Minnesota Zoo Media Contact
If you are a member of the press, please contact: Zach Nugent
Communication and Media Specialist
13000 Zoo Boulevard
Apple Valley, MN 55124
Apple Valley, MN – March 24, 2022 – It’s with heavy hearts that we share that on Wednesday, during a routine medical procedure, the Zoo’s 12-year-old male Amur tiger experienced cardiac failure. Despite heroic emergency efforts of veterinarians, animal health technicians, and zookeepers, he did not survive.
This is a profound loss. The Minnesota Zoo has a long history of tiger care and conservation. The first tigers arrived at the Zoo more than 40 years ago, and, since that time, the Zoo has birthed 44 tiger cubs and has been a globally recognized leader in tiger care, management, and conservation.
“Today is an incredibly hard day for all of us at the Minnesota Zoo and we will be mourning for quite some time,” said Minnesota Zoo Director John Frawley. “Our Zoo has played a key role in global tiger conservation throughout our history and we currently are co-leaders of the Tiger Conservation Campaign, which has raised millions of dollars for tiger conservation. While this loss is great, we can be proud of our efforts – past, present, and future – to advance tiger conservation worldwide.”
The tiger, who came to the Minnesota Zoo in 2015, was undergoing a preventative health exam that included the collection of samples to assist with breeding efforts at the recommendation of the Association of Zoos and Aquariums (AZA) Amur Tiger Species Survival Plan. Breeding and specimen collection are of critical importance to a globally threatened species, like the Amur tiger. There are approximately 103 Amur tigers in AZA accredited zoos in North America and believed to be less than 500 animals surviving in the wild.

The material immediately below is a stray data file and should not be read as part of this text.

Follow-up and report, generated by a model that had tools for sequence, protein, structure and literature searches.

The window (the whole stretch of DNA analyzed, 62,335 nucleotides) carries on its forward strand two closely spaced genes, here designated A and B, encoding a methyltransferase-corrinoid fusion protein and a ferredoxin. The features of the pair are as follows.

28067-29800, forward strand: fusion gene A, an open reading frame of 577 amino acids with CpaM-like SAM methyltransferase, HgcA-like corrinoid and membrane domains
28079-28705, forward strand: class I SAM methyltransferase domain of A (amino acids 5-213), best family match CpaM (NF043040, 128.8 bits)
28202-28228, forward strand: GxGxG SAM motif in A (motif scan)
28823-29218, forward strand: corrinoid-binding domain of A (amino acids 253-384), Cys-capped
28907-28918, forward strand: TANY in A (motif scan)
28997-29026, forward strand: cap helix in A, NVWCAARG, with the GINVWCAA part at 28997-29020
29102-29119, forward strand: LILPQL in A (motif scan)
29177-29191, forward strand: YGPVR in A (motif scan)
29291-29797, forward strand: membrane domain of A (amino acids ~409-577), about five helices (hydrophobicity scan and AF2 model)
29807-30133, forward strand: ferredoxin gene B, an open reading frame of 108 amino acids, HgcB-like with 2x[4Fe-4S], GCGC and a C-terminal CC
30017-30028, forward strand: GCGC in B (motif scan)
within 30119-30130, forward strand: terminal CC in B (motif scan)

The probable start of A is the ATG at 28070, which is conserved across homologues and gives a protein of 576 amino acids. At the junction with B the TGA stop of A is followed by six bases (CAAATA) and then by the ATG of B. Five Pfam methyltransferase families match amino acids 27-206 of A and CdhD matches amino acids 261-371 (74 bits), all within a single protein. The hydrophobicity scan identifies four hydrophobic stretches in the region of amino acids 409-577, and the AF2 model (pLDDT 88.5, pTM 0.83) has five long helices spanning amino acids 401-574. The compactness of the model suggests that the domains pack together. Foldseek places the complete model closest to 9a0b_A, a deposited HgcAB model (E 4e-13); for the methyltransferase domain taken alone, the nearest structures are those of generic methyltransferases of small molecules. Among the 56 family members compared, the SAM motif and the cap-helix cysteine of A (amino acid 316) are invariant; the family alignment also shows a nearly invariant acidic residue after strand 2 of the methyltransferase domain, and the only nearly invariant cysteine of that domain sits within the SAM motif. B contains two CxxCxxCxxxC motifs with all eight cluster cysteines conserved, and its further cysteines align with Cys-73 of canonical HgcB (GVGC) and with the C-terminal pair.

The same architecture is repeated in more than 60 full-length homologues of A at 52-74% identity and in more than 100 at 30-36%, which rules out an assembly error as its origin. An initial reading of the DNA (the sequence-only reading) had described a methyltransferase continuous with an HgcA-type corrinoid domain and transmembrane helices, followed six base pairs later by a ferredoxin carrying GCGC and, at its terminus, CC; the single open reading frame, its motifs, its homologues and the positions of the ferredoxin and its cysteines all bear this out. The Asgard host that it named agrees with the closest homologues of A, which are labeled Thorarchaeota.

Born in 2009 in the Czech Republic and given the name Putin, the tiger lived at the Denmark Zoo for six years before arriving in Minnesota. His genetically important legacy lives on as he has sired multiple cubs, including one born in 2017 at the Minnesota Zoo.
“This was a routine procedure that is a vital part of our care and conservation work for tigers,” said Dr. Taylor Yaw, the Minnesota Zoo’s Chief of Animal Care, Health and Conservation. “We plan weeks ahead for these types of exams. All necessary precautions were taken, and the team did everything within their power to save this animal. We’ll continue to learn more in the days and months ahead, and we are grateful for the support of the University of Minnesota’s pathology team for their expertise and support as a necropsy is conducted.”
We would like to extend a special thanks to the animal health and care teams at the Zoo for their commitment to our animals and to all those throughout the community who have supported the Zoo and our tiger conservation efforts for the past 43 years.
The Minnesota Zoo is a year-round destination providing a window into the natural world. With hundreds of species of animals, worldwide conservation efforts, and acres of scenic beauty, the Zoo is a resource to connect people, animals and the natural world to save wildlife. For more information visit mnzoo.org. The Minnesota Zoo is an accredited member of the Association of Zoos and Aquariums (AZA) and an institutional member of the World Association of Zoos and Aquariums (WAZA).